As the first month of the year winds to a close, so approaches a temporal landmark in which to reflect on the changes that 2016 has ushered in thus far. Near the beginning of the month, we introduced the #BRIKAmonthlymantra “Revolve around the things that evolve you” to convey the ideas of personal growth, change and progress, a natural thematic fit with the turn of the year. Which brings us to the question: how have your New Year’s resolutions held up thus far? If you’ve already abandoned your quest to develop a skill, read more, or accomplish whatever feat you’ve tasked yourself with on your quest to becoming a happier, healthier or more fully-realized person, you’re not alone. According to the Statistic Brain Research Institute, only 8% of those who make New Year’s resolutions are actually successful in doing so. So what are the keys to long-term success? Read on for some tips, and for a case why resolution making isn’t just reserved for New Year’s.
Set specific goals for yourself.
“Be healthy” and “learn a language” are both great goals, but it’s hard to set tangible guideposts by which to measure your success if your objective is broadly defined to begin with. If being healthy means eating better or working out more, define what this means to you so you can take the necessary steps towards actually achieving them — whether that means cutting down on desserts on weekdays or going to the gym three times a week.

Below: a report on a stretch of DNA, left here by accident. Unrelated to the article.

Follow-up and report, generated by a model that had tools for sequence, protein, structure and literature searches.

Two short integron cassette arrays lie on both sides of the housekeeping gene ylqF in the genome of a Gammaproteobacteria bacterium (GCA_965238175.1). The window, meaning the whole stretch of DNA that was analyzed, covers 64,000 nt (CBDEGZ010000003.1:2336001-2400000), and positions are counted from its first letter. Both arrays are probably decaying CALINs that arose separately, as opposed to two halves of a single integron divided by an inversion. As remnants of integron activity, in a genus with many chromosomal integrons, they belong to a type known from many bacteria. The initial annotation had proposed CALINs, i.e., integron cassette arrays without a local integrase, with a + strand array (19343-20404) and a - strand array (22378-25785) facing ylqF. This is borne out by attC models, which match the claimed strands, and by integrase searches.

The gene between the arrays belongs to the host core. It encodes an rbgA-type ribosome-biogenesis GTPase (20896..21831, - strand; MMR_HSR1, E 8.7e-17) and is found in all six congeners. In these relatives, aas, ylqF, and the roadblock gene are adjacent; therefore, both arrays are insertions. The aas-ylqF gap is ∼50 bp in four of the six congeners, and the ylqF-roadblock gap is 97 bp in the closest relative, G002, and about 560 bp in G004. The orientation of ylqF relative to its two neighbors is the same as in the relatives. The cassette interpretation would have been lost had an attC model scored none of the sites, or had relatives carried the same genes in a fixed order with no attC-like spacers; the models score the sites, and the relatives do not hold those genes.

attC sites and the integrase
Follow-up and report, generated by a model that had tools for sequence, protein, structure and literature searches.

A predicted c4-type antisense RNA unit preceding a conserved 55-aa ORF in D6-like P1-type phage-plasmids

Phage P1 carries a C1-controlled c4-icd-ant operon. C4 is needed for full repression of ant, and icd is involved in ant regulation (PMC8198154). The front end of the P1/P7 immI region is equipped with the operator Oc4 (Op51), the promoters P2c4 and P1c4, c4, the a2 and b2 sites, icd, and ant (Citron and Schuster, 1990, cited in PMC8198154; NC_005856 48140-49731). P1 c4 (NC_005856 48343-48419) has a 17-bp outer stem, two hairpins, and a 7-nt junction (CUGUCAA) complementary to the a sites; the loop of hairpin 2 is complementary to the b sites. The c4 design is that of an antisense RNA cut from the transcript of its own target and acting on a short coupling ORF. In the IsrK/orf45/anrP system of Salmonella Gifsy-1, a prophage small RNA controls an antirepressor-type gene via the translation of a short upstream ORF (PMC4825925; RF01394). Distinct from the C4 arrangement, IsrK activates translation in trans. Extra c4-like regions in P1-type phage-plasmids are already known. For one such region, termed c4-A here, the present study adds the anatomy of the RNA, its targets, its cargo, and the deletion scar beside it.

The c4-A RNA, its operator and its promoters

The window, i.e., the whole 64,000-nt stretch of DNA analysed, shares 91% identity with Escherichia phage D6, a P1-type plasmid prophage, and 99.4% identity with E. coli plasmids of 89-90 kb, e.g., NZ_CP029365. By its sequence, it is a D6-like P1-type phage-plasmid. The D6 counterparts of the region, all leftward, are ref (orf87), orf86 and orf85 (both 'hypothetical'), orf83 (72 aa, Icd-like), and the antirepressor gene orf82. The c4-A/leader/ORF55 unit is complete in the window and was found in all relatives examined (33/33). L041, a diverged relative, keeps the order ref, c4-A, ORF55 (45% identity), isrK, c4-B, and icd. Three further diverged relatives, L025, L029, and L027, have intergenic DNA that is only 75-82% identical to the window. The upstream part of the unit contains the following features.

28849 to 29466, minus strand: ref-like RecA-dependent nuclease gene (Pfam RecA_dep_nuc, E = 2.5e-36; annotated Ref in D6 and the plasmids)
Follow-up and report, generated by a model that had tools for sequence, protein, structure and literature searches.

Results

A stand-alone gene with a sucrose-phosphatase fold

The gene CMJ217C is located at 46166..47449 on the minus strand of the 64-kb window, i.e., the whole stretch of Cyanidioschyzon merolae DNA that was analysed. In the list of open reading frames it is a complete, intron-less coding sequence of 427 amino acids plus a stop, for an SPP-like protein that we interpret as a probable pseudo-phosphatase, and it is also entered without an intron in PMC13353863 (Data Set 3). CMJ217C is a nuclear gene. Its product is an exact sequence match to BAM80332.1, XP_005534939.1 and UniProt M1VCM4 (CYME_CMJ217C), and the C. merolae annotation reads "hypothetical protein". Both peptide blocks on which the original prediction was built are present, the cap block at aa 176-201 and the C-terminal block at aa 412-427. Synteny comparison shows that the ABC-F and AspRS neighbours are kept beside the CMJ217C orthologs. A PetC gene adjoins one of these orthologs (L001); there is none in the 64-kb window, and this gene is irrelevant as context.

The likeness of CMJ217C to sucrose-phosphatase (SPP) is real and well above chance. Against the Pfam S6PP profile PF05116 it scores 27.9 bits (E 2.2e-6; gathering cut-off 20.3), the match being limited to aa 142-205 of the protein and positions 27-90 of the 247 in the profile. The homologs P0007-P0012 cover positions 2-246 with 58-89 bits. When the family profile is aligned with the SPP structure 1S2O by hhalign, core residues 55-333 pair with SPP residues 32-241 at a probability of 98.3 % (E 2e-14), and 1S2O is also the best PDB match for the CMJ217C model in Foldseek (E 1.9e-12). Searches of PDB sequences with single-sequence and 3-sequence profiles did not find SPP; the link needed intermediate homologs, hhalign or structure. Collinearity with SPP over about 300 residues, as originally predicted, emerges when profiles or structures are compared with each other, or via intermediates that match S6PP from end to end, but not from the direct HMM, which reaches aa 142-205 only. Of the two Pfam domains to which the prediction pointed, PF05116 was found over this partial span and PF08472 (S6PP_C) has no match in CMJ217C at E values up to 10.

Set realistic goals for yourself.
It also helps to ensure your goals are realistic. If you want to be speaking French with the fluency of a Parisian by February, you’re basically setting yourself up for failure. A goal like that can seem so psychologically daunting that it will be hard to take even the initial baby steps towards accomplishing it.
Record your small successes.
Keep some kind of log to chart your journey towards your resolution. For some, a to-do list is enough, but keeping a personal diary or creating a vision board serve as palpable proof of your success, or a reminder of what you’re striving toward. Another tactic that’s becoming more popular in the Facebook age is to share your goals with your friends and family to create accountability.
Your evolution towards personal growth is one that never stops — set resolutions for yourself at any time of the year.
Although the transition from one year to the next may be a temporal landmark that’s universally celebrated, it doesn’t have to be the only one by which to set resolutions. Resolutions can be renewed or fine-tuned at any time. Even a Monday — a fresh start to a new week — can function as a benchmark by which to begin measuring your next success.
Need some tools to help you stay on track in your quest to becoming a more evolved person? Design the Life You Love is an inspirational guide to building the life you’ve always wanted. The Writer’s Block journal has over 300 pages of blank spaces to chart your hopes and dreams. The Instant Happy Journal is packed with 365 “happiness prompters” (quotes, facts and questions) so you can stay motivated every day of the year.
In the featured picture: Heather Lins Home’s 2016 The Year In Stitches Calendar Kit